Yes. When I'm at work going up ladders and doing maintenance on buildings I wear jeans and a t-shirt. I don't mind having to wear "normal" clothes sometimes. I'm very lucky to work in an environment where I can look different most of the time and nobody cares. The only other time I tone it down a bit, is when I'm picking up my eight-year-old son from school. I wouldn't want to embarrass him by wearing something really outrageous.

How did you become a Goth?

I got into the biker scene when I was about 15. I was brought up in rural Lincolnshire and got my first motorbike around 1976/77. There's a whole scene that went with biking that I embraced. When I first met my wife she always wore black, and enjoyed the biker scene, too.

But over the years we moved more towards everything Gothic. We loved the beautiful clothes. For some people the music is the way into being a Goth, but I come from a graphic design background, so I guess for me, it was the clothes more than the music that attracted me.

Is it possible for a Goth to have a partner who isn't a Goth?

Me and my wife can only think of two examples: one where she is a Goth and he's a biker, and another Goth friend whose partner won't join in at all. She goes to Whitby and other places with her friends but not her partner, which we feel is a shame. Apart from them everyone we know is either single or part of a Goth couple. So it is possible but difficult.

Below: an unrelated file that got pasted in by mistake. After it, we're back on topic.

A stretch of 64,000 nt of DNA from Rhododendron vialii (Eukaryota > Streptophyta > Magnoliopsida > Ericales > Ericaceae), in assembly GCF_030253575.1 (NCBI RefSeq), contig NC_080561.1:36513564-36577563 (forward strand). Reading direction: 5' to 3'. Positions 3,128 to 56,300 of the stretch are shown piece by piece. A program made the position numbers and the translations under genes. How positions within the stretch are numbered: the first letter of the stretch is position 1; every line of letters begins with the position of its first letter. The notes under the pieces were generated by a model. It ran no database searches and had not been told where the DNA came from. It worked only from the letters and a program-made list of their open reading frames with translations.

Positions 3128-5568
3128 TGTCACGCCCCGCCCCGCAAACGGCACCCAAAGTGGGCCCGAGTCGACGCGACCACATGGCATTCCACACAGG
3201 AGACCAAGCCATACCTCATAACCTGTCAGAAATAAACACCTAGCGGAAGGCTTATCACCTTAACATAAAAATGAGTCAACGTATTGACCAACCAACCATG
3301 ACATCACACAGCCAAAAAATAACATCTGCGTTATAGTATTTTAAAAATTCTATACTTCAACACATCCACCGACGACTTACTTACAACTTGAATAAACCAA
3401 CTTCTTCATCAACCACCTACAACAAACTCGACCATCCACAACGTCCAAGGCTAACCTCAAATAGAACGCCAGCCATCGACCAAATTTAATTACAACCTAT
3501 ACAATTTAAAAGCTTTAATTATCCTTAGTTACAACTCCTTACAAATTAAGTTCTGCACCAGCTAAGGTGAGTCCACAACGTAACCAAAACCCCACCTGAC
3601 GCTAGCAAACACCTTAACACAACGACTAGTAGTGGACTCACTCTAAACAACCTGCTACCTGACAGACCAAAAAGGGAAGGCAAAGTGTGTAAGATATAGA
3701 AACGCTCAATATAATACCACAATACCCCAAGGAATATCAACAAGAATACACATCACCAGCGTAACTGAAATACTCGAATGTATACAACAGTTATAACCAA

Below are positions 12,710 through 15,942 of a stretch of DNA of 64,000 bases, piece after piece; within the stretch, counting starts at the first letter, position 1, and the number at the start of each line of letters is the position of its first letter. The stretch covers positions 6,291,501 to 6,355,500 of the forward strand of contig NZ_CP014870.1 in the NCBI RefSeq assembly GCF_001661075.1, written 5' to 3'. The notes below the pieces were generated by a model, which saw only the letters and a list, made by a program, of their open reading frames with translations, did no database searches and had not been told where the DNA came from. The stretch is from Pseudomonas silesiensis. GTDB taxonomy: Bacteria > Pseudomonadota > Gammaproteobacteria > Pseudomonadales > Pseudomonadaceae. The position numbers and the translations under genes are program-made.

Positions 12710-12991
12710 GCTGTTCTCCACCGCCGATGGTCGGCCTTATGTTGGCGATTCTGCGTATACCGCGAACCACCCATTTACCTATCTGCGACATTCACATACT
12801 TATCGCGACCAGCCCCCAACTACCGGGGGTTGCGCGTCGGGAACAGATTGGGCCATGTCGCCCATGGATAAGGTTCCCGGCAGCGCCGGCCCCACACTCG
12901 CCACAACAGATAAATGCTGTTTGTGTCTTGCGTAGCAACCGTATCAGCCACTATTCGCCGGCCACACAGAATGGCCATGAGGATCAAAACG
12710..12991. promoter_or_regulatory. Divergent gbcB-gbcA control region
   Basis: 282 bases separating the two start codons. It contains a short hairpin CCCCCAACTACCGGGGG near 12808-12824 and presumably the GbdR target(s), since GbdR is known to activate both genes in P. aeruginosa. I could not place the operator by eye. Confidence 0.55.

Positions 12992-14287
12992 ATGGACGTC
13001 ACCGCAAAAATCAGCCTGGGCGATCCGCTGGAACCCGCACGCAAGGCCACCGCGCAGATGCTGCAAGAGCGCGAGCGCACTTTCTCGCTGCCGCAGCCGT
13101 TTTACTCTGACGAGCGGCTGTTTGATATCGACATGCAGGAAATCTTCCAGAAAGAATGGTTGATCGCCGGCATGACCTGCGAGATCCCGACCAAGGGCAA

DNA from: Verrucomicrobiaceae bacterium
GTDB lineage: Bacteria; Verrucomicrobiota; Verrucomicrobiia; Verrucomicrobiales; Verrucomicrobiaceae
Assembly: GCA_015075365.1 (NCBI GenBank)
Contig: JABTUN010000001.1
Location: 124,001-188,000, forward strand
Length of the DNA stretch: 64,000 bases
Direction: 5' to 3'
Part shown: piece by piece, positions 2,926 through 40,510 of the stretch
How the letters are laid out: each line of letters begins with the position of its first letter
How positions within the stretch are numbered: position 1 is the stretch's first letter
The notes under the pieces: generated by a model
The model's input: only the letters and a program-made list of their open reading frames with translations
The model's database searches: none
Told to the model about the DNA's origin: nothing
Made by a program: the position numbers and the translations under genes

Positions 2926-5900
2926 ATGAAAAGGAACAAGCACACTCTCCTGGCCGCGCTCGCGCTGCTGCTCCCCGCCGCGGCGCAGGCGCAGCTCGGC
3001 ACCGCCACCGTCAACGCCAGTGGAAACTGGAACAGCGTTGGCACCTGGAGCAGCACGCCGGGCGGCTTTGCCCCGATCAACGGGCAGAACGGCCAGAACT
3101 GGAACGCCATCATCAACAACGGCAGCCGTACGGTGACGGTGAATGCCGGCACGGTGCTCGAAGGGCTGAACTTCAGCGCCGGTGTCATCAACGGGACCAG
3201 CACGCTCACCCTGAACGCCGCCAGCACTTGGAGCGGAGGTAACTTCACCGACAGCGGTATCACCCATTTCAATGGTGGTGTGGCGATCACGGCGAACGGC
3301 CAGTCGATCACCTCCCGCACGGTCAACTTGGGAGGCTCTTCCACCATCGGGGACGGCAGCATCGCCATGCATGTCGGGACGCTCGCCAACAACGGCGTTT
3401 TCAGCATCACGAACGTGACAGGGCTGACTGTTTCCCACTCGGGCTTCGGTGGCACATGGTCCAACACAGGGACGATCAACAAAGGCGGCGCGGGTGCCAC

Do you think you will always be a Goth?

The only way I could imagine stopping would be if we to moved to somewhere like Cyprus, which we might do in a few years' time. I don't think we'll be passing it on to our children. We've got two daughters in their 20s and a son who's eight. One daughter was into the scene, but has moved onto other things; the other one dresses quite conservatively and has gone off travelling. Our son doesn't like going out much at all.

But as for me and the wife, I think we will always be Goths in one form or another. If anything we get more outrageous the older we get.

To see more documents/articles regarding this group/organization/subject click here.